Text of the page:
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1. Duty to stop

Probably every sensible driver involved in an accident will stop and check what has happened.  But what about those non-sensible drivers? Section 56(1) of the Road Traffic Ordinance (Cap.374 of the Laws of Hong Kong) provides as follows:

 

Where, owing to the presence of a vehicle on a road, an accident occurs whereby-

 

  1. personal injury is caused to a person other than the driver of that vehicle; or
  2. damage is caused to-
    1. a vehicle other than that vehicle or a trailer drawn thereby;
    2. an animal other than an animal in or on that vehicle or a trailer drawn thereby; or
    3. any other thing not being in or on that vehicle or a trailer drawn thereby,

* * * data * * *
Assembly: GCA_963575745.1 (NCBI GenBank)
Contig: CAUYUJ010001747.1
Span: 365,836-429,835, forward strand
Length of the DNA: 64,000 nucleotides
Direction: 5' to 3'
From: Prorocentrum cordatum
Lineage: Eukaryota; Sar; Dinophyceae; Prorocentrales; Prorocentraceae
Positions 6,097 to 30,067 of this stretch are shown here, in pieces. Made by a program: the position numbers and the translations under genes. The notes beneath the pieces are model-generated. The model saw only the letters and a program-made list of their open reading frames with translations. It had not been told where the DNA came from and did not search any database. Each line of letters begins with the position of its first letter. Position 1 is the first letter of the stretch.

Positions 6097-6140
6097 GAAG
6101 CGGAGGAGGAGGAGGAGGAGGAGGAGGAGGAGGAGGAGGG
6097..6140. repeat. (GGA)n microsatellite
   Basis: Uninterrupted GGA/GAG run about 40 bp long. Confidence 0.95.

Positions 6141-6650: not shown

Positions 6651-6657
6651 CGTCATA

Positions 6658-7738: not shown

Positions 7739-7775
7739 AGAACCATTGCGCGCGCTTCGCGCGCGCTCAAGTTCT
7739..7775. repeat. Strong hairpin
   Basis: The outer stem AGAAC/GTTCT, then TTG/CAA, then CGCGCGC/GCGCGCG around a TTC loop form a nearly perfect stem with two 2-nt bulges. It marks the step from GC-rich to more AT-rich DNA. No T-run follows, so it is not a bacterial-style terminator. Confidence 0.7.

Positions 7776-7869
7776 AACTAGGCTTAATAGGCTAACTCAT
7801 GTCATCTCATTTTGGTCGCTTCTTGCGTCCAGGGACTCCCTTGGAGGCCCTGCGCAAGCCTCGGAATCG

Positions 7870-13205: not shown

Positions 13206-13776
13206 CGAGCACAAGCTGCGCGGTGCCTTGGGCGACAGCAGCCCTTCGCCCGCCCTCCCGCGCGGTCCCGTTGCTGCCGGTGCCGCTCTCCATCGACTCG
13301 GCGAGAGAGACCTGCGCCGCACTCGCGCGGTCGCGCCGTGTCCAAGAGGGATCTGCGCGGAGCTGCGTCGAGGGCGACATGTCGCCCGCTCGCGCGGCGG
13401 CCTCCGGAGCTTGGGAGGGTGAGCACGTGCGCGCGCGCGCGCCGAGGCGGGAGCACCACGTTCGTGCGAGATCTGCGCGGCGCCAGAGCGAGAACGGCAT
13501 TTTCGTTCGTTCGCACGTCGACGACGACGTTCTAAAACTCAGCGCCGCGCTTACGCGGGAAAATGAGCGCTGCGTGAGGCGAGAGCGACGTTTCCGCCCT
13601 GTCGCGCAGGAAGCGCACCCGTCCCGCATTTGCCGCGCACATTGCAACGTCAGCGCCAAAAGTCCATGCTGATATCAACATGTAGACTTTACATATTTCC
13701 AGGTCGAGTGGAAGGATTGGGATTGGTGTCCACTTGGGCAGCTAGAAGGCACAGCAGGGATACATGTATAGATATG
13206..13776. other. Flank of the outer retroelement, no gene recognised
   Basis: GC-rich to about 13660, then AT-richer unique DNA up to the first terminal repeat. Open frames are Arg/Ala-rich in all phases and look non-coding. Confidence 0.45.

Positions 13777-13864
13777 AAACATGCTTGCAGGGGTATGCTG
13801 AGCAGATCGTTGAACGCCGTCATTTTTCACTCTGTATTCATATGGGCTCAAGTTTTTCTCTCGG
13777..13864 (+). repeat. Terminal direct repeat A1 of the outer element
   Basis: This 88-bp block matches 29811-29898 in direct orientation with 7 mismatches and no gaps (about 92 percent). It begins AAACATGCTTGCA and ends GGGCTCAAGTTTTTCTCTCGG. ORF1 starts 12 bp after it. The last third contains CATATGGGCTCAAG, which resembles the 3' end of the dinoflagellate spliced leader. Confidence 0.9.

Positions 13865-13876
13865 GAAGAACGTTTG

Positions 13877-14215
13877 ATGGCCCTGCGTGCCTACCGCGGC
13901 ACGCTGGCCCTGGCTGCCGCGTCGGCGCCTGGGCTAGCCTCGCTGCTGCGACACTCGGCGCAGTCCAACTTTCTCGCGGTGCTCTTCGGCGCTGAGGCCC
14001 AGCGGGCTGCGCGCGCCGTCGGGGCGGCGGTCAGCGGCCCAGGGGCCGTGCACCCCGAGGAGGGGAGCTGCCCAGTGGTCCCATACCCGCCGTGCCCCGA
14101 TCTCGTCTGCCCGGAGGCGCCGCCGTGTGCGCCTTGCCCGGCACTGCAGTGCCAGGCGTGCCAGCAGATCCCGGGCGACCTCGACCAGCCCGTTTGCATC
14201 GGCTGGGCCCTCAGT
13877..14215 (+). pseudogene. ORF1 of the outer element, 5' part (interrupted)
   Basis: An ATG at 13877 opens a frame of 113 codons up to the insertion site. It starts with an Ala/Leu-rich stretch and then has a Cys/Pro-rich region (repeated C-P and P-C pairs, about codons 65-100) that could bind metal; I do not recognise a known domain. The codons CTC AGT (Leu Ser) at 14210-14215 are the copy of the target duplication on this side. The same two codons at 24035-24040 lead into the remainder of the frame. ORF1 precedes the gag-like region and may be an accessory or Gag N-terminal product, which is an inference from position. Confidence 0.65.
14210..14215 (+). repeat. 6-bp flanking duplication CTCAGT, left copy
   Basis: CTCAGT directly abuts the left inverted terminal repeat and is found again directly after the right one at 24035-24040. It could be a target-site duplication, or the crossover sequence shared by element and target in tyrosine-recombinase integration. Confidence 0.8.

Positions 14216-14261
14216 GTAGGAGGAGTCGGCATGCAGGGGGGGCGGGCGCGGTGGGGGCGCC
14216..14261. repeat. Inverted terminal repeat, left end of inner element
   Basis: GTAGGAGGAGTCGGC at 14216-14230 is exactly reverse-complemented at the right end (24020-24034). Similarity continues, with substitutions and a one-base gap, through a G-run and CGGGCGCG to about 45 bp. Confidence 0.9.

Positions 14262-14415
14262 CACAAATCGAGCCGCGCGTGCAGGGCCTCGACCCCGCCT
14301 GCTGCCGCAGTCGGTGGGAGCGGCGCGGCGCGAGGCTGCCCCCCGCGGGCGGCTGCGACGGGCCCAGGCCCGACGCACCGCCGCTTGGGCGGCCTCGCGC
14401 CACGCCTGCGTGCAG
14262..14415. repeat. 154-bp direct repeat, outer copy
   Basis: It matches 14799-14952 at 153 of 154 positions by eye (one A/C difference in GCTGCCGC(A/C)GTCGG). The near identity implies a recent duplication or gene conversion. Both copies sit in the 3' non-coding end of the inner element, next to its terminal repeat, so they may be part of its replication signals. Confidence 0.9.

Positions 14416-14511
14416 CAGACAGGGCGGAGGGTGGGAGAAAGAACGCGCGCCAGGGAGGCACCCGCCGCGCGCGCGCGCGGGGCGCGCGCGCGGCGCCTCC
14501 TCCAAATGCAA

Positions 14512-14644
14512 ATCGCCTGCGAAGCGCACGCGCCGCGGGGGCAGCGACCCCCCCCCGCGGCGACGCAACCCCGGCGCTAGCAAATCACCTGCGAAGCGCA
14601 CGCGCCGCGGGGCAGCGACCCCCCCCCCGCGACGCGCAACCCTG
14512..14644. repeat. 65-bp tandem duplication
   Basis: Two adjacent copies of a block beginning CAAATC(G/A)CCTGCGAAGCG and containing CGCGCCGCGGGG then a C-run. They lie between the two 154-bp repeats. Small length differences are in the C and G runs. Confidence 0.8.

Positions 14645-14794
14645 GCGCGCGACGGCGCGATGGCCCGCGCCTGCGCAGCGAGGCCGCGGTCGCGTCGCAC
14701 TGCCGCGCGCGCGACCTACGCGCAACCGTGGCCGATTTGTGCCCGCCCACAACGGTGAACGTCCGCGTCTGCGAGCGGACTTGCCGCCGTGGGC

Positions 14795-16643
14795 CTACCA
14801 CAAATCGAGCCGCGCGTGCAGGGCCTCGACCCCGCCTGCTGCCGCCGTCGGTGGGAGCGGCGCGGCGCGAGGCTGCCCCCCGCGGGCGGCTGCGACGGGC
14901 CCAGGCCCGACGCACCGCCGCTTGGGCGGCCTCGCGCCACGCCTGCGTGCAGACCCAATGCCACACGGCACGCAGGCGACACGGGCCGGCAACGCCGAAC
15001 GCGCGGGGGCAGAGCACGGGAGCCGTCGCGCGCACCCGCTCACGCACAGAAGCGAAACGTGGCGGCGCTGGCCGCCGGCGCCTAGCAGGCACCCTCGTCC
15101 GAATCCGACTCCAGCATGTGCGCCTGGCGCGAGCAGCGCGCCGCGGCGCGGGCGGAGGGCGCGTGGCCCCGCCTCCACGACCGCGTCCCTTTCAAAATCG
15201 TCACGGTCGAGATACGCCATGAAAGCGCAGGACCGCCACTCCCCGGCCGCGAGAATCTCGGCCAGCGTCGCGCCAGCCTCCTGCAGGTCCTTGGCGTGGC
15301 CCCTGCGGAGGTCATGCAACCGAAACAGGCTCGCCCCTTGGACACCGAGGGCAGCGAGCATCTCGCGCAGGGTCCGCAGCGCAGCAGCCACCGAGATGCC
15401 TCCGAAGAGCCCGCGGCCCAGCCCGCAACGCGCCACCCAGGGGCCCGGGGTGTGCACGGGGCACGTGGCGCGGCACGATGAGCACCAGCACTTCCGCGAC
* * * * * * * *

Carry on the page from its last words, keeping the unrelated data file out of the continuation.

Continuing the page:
the driver of that vehicle shall stop.

 

In other words, a driver must stop whenever there is an accident causing damage to another vehicle or anything (for example, if you crashed into a lamp post), irrespective of whether any other person is injured.  But what exactly is meant by “stop”?  How long should a driver “stop” in case of an accident?  What should the driver do after “stopping”? While section 56(1) of the Road Traffic Ordinance (Cap.374 of the Laws of Hong Kong) does not define “stop”, section 56(2) of the same Ordinance provides that in the case of such an accident, a driver shall

 

if required, give to any police officer or to any person having reasonable grounds for so requiring the following particulars-

 

  1. his name and address;
  2. the name and address of the owner of the vehicle; and
  3. the registration or identification mark or number of the vehicle.

Reading sections 56(1) and 56(2) of the Road Traffic Ordinance (Cap.374 of the Laws of Hong Kong) together, we can safely assume that to “stop” means to stop and to remain at the scene of the accident for a period long enough for anyone to obtain the necessary particulars from the driver.

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